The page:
According to digital measurement firm eMarketer, the time consumers spend on mobile devices has surpasses that of print media for the first time ever, following research in 2010 that pegged the two neck and neck at 50 percent each.
Time spent on mobile devices is now an average of 65 minutes a day, compared to 44 minutes a day for print (magazines and newspapers combined). Time on the internet was 2 hours and 47 minutes (an increase of 12 minutes from 2010), but TV still dominates with an average of 4 hours and 34 minutes. TV was also able to increase its share of people’s time by 10 minutes.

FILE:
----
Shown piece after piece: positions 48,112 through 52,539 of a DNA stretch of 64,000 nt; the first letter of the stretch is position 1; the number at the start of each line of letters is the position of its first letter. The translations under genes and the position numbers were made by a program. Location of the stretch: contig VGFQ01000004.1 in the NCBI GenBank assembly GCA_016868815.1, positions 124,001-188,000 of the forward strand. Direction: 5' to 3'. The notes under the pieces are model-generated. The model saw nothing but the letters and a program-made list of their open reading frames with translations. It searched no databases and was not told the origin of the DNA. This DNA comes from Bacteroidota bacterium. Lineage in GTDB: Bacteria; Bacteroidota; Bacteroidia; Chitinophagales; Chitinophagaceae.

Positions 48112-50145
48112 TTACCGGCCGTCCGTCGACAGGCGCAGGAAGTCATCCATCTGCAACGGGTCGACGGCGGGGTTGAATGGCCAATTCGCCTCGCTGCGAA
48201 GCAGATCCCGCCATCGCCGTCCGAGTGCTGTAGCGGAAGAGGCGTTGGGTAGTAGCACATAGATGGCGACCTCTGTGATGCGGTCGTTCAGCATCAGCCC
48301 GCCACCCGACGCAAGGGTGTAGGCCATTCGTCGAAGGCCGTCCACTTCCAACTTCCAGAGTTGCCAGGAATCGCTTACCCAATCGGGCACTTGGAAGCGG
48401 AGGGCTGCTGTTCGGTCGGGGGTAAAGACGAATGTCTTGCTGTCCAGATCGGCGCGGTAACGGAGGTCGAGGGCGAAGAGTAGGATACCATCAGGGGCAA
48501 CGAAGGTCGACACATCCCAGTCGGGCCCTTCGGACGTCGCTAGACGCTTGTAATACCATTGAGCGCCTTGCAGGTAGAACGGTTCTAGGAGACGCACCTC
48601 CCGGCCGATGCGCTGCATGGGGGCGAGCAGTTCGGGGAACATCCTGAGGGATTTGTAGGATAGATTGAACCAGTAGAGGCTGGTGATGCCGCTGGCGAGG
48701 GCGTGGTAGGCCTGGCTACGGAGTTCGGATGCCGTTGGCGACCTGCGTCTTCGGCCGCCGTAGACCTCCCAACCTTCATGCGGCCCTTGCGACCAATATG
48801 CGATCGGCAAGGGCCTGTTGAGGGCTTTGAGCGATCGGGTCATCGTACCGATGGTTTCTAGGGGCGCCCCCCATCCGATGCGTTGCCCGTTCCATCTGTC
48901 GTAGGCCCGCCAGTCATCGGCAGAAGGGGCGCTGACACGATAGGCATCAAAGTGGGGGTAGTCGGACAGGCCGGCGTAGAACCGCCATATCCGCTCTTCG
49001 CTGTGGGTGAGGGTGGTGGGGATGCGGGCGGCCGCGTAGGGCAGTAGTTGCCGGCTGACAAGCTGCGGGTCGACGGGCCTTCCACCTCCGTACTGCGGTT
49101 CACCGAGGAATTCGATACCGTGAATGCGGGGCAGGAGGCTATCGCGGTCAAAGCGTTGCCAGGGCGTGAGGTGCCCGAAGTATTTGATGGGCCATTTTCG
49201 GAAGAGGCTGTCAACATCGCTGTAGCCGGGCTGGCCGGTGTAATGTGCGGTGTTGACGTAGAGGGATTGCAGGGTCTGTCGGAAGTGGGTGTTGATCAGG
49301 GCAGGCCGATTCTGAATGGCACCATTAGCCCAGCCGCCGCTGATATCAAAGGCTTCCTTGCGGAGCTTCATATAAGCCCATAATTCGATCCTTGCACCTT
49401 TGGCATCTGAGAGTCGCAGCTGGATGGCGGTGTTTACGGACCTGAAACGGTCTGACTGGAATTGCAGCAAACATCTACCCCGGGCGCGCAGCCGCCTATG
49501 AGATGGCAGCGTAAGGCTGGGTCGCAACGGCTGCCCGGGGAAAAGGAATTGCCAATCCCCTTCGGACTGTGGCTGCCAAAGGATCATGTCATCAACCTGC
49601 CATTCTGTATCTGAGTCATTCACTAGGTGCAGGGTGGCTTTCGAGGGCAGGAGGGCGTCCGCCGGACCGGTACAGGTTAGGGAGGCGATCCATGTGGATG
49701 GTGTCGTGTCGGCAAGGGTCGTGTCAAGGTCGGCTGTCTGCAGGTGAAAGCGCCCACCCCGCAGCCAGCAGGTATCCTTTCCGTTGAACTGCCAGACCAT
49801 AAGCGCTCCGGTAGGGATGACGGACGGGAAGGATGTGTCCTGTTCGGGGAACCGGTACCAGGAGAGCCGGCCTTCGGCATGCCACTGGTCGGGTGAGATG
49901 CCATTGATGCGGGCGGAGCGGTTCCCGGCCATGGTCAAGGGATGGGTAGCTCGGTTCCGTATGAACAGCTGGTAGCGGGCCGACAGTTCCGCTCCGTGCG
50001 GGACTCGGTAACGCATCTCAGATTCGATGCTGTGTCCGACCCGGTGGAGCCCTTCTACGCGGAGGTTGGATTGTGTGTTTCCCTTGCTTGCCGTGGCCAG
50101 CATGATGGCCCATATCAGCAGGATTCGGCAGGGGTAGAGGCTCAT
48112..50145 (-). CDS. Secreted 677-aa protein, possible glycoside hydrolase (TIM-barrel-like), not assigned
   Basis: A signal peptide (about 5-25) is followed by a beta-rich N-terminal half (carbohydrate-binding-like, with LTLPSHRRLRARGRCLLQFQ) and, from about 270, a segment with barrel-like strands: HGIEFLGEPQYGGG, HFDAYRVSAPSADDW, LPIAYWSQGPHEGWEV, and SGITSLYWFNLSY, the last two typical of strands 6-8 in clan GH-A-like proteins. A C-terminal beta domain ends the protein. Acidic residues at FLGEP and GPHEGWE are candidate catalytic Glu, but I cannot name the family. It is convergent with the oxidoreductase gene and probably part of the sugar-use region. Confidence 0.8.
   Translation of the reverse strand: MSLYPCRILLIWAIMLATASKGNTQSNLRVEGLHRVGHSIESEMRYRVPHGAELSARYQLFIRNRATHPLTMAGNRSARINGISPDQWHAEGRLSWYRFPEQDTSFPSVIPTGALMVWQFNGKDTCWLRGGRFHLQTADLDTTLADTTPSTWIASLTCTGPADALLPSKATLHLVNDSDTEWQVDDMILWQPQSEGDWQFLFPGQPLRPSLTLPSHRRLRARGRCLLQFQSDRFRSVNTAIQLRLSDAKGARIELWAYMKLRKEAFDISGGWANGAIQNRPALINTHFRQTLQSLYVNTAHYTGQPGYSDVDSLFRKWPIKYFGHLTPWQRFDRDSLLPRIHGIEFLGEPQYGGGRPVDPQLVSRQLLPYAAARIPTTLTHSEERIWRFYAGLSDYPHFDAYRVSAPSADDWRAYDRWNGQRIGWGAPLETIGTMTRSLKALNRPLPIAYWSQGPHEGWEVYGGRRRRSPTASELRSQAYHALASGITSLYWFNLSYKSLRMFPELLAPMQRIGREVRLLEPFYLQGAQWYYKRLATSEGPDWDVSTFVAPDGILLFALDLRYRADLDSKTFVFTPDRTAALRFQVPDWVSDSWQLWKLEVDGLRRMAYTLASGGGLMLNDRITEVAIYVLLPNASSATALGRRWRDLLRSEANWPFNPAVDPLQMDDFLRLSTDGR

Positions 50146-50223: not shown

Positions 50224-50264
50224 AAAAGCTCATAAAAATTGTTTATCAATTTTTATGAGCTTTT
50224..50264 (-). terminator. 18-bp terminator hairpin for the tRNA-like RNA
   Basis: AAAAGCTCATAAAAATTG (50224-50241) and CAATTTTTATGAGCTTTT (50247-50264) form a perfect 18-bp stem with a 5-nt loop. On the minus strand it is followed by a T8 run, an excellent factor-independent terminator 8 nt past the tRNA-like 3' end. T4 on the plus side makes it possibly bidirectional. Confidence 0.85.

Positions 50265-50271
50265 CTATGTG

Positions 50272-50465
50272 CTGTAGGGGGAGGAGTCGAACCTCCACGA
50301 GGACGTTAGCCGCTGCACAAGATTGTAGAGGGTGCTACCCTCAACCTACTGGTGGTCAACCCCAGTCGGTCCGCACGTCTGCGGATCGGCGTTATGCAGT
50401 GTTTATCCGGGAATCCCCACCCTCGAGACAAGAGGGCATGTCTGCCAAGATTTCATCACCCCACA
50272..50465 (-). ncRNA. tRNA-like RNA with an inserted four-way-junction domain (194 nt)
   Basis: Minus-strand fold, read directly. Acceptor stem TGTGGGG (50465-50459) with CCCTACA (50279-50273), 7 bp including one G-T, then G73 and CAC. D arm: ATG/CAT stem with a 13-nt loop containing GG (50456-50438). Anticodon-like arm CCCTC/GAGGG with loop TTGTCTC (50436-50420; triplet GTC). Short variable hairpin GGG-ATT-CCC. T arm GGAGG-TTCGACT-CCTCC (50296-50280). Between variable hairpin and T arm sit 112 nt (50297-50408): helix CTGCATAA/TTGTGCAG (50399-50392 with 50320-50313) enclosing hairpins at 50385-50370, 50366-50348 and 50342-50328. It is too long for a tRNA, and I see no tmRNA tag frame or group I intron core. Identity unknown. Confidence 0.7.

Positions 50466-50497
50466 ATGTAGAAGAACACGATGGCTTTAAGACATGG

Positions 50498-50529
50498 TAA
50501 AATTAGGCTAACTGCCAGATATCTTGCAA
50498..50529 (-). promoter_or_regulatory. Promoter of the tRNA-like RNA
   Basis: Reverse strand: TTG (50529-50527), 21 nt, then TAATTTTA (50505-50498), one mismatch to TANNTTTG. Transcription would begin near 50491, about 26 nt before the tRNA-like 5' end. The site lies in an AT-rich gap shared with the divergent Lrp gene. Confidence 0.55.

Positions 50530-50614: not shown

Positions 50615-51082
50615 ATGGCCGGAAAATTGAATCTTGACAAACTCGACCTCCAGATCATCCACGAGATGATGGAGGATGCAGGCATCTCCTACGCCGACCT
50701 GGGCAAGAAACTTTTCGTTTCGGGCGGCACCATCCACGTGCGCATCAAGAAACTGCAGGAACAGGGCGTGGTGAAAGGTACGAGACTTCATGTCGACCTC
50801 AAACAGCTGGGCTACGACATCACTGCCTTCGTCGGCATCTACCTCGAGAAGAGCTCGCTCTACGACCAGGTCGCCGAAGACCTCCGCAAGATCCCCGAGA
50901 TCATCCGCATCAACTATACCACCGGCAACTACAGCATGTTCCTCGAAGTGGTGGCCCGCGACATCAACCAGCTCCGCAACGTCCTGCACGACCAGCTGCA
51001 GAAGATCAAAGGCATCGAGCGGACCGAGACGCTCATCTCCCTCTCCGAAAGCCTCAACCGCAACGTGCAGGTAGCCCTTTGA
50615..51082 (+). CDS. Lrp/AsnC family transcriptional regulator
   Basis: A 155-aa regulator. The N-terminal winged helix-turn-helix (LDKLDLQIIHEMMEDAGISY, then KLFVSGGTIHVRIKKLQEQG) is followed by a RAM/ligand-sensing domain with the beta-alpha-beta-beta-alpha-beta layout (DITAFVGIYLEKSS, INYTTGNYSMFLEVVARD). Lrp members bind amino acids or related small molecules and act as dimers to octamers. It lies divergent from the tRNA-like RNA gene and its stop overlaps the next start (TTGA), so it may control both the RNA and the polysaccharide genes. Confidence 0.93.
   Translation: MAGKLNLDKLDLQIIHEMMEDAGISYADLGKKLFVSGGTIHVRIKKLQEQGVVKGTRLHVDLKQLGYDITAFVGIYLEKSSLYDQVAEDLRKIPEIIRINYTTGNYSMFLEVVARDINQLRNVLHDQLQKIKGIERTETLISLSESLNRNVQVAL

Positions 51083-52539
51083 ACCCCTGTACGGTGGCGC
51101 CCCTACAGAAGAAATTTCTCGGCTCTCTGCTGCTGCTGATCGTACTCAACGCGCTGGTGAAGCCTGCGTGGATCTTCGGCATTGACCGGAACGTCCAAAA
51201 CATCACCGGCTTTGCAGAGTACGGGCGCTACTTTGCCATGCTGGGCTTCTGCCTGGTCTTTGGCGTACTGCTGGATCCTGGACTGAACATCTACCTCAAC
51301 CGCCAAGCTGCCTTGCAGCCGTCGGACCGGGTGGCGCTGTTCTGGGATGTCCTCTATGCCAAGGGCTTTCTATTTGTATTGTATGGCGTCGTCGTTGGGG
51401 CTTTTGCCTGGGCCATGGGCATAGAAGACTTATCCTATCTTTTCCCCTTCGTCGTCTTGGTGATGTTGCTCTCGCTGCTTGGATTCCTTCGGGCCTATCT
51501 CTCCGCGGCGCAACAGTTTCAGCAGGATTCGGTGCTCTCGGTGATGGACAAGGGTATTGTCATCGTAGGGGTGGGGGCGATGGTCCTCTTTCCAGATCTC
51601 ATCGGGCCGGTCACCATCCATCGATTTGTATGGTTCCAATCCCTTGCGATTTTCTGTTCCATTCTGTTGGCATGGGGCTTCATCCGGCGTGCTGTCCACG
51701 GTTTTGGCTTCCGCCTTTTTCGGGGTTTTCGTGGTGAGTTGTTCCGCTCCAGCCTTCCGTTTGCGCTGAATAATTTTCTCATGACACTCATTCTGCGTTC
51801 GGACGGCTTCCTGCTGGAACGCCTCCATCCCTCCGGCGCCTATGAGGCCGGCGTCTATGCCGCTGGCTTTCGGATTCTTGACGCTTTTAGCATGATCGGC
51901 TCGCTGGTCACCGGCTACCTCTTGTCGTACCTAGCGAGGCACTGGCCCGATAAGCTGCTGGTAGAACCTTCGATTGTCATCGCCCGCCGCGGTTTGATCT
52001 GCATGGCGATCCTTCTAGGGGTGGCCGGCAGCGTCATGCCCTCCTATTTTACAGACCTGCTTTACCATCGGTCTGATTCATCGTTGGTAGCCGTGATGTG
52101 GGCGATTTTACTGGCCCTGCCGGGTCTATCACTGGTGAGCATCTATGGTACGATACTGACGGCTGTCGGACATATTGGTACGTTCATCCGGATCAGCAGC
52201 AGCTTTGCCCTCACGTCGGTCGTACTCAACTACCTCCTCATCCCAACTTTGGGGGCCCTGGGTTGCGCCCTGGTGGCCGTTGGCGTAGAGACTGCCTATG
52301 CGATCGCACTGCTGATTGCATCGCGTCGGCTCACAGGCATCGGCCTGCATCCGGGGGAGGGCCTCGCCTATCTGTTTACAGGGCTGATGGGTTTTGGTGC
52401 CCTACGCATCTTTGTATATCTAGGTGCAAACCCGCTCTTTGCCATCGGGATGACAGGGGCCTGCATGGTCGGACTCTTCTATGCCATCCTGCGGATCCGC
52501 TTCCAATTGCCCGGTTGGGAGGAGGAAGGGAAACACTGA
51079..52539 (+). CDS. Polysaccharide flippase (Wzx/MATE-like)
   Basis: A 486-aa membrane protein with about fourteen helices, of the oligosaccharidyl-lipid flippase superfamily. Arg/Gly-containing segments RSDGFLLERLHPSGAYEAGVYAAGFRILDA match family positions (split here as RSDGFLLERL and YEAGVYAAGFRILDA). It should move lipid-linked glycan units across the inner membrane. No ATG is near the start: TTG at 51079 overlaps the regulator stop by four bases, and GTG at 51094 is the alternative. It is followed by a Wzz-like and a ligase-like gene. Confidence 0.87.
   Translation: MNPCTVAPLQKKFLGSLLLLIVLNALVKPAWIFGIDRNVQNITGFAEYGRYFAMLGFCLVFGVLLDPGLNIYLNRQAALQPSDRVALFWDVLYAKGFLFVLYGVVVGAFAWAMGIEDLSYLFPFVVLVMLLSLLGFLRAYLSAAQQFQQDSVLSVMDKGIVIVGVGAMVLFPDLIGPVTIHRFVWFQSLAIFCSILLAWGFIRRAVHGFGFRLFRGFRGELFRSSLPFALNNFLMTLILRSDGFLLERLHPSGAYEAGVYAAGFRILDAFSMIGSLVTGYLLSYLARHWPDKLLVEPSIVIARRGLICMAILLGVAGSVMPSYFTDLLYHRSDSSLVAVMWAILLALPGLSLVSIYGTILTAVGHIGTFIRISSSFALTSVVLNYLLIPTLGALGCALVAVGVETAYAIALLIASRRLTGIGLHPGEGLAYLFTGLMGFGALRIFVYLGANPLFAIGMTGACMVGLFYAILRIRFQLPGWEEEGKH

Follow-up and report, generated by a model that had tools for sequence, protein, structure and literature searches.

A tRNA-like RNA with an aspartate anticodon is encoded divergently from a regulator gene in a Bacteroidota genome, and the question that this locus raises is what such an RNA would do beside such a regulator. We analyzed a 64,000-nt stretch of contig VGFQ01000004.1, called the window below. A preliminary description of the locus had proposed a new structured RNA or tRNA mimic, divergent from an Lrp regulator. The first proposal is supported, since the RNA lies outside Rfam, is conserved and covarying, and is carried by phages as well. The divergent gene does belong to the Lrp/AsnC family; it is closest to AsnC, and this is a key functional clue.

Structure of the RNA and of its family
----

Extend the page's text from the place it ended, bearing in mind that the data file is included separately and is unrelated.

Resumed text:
Most interesting from our point of view is the continued expansion of mobile engagement in general. Mobile saw both the biggest absolute and percentage jumps in time spent. That additional 15 minutes translates into a 30 percent increase, meaning roughly 10 percent of the average U.S. adult’s day is now spent on mobile, yet mobile only accounts for about 1 percent of advertising spending. Surprisingly, print still commands an outsized share of ad budgets, taking 25 percent of ad spending, despite dwindling to only 7 percent of time spent with all types of print media.
So it continues — even though consumers spend an increasingly dominant amount of time on mobile devices, brands still aren’t adjusting their marketing budgets to account for it. Why do you think this is still the case? Is it a lack of understanding? Is it fear over annoying users or violating privacy regulations? We’d love to hear your opinions in the comment section.